The independent newspaper of the University of Iowa community since 1868

The Daily Iowan

The independent newspaper of the University of Iowa community since 1868

The Daily Iowan

The independent newspaper of the University of Iowa community since 1868

The Daily Iowan

UI staffer takes wife’s name, sparking debate over patriarchal practices

UI TA Christopher Junk recently got married, and took his wife’s last name.
(Bruce Bisping/Minneapolist Star Tribune/MCT)

By Jordan Prochnow

[email protected]

When teaching assistant Christopher Junk (né Hollis) recently married Emma Junk, he made the decision to take her last name instead of the other way around.

“She is equally as much a person as I am. The tradition around the wife taking the husband’s last name is largely symbolic and devoid of intrinsic meaning,” Christopher Junk said in an email to The Daily Iowan. “Symbolically, it is two humans coming together as one family. So, I asked myself, ‘Why should she have to make a change simply because of what tradition has decided’?’’

Christopher Junk also made the decision to change his surname because of his wife’s strong identification with her last name. While he said he is still connected to his birth name, he did not feel the same level of connection that she feels to hers.

“At my core, I am a product of the Hollis family as well as I am a product of my own experiences thus far in life. That is unchangeable,” he said. “I identify myself more with what I do in life and how I make my decisions than the combination of letters that make up my surname.”

Iowa is one of several states that specifically allows a man to take his wife’s last name; the Junks were married in Illinois, which has stricter laws and a more difficult process to change one’s last name.

“Interestingly, most states do not have it legal for the man to take the woman’s name,” Christopher Junk said. “In fact, Iowa is one of the few states that has made it explicitly legal for a husband to take his wife’s name. That’s neat about Iowa.”

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Johnson County Recorder Kim Painter said that in Iowa, a person can change her or his first, middle, or last name upon marriage, while some states have more stringent laws.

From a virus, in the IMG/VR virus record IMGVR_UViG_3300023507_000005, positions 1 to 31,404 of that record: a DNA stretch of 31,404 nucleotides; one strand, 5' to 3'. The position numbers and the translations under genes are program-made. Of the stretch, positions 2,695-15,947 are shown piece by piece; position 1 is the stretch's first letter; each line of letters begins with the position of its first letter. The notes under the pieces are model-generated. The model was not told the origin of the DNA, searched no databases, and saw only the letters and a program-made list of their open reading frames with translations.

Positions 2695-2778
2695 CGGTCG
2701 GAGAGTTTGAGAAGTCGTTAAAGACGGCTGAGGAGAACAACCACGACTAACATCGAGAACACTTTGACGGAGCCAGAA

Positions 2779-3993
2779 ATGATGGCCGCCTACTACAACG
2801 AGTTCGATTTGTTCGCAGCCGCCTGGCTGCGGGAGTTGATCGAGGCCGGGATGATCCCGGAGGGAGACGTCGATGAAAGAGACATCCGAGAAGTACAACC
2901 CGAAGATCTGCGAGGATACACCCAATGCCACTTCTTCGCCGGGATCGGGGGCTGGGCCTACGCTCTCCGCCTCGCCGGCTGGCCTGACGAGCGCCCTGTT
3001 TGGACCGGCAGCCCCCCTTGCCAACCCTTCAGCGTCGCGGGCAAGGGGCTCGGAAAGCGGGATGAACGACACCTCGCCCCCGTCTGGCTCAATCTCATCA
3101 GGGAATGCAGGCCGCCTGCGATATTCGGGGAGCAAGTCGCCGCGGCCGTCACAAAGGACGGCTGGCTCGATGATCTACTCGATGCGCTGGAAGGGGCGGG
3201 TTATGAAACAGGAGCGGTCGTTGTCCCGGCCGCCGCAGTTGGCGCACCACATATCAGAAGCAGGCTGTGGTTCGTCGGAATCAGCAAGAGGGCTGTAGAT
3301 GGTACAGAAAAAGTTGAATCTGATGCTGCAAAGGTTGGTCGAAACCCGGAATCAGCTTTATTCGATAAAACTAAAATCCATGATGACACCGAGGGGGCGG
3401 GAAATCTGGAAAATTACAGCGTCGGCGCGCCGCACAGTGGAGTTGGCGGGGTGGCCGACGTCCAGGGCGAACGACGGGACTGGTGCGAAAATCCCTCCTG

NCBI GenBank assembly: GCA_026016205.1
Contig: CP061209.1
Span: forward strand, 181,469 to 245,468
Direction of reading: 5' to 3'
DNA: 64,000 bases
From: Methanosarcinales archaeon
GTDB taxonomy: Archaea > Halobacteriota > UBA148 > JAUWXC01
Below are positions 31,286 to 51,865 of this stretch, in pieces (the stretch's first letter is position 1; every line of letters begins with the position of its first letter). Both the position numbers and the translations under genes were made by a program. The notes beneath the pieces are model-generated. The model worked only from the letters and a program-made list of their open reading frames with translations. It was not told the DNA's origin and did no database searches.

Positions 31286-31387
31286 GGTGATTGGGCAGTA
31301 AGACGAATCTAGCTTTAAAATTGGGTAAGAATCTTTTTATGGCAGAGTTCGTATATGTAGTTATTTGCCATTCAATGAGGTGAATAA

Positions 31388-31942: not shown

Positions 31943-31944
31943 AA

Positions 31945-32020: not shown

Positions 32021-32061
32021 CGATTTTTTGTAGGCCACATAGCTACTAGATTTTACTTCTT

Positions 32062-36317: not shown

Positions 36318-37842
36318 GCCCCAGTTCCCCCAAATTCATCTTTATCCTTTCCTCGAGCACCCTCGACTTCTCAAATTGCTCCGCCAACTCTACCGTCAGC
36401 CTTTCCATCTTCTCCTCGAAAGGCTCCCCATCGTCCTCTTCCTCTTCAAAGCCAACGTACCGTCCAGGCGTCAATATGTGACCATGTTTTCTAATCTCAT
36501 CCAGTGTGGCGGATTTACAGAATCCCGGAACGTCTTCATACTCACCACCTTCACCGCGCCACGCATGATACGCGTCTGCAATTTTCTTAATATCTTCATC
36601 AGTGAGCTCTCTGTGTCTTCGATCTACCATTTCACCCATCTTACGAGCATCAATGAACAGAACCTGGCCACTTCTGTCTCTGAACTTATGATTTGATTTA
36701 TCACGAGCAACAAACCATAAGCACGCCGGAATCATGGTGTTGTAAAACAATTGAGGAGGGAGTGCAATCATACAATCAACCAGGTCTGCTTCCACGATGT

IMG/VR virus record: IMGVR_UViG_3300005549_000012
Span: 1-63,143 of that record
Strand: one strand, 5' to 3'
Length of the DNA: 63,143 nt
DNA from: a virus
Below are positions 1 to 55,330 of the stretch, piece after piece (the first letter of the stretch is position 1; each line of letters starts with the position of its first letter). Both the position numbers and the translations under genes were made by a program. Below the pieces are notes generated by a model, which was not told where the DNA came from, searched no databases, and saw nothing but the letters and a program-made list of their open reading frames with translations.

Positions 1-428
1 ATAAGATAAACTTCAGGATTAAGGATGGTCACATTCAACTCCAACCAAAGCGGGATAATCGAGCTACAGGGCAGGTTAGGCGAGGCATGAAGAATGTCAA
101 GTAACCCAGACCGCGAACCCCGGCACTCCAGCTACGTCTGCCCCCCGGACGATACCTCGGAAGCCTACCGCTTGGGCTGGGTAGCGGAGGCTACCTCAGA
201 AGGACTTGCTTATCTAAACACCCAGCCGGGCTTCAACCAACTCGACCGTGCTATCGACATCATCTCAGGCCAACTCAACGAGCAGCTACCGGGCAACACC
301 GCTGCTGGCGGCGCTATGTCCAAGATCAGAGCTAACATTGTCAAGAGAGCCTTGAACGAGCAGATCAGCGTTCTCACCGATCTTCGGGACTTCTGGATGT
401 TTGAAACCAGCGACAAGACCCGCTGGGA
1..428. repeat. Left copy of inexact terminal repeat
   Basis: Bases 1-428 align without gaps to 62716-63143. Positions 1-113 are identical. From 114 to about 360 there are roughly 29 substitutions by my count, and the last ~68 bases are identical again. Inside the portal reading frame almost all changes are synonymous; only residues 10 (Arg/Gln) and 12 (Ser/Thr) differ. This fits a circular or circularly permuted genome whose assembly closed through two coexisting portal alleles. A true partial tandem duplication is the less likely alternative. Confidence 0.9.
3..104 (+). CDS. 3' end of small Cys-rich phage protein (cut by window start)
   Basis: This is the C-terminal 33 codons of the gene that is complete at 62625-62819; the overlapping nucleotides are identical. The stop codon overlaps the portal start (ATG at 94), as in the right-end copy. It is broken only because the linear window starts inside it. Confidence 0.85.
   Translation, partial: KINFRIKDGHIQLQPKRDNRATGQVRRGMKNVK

“For legal purposes, all a couple need to validate their name change is the certified copy of their marriage certificate,” Painter said. “Once they’re married in Iowa, whatever they put on that document is their name.”

The practice of men taking their wives’ names is a unique and fairly new idea. The practice of women changing their surnames dates back to some of the earliest marriages.

“Women changing their names to their husband’s surname is an inherently patriarchal practice,” Co-President of the UI Feminist Union Meredith Palmer said in an email to The Daily Iowan. “The societal norm is asking women to literally change their identity to tie themselves to men — while it may not have such a literal effect today, it has the optics of ownership.”

Christopher Junk said that while his name change has brought him and his wife closer, as has their marriage in general, not everyone has reacted positively to his decision. For most, perhaps, the idea of taking the wife’s name is not common practice, but he stands by his decision.

“I do not understand how my decision to not fall in line with social norms threatens another’s way of life, but I understand that it can be confusing,” he said. “When people step outside of societal norms, they force others to think about the norm that is being challenged, which can be discomforting.”

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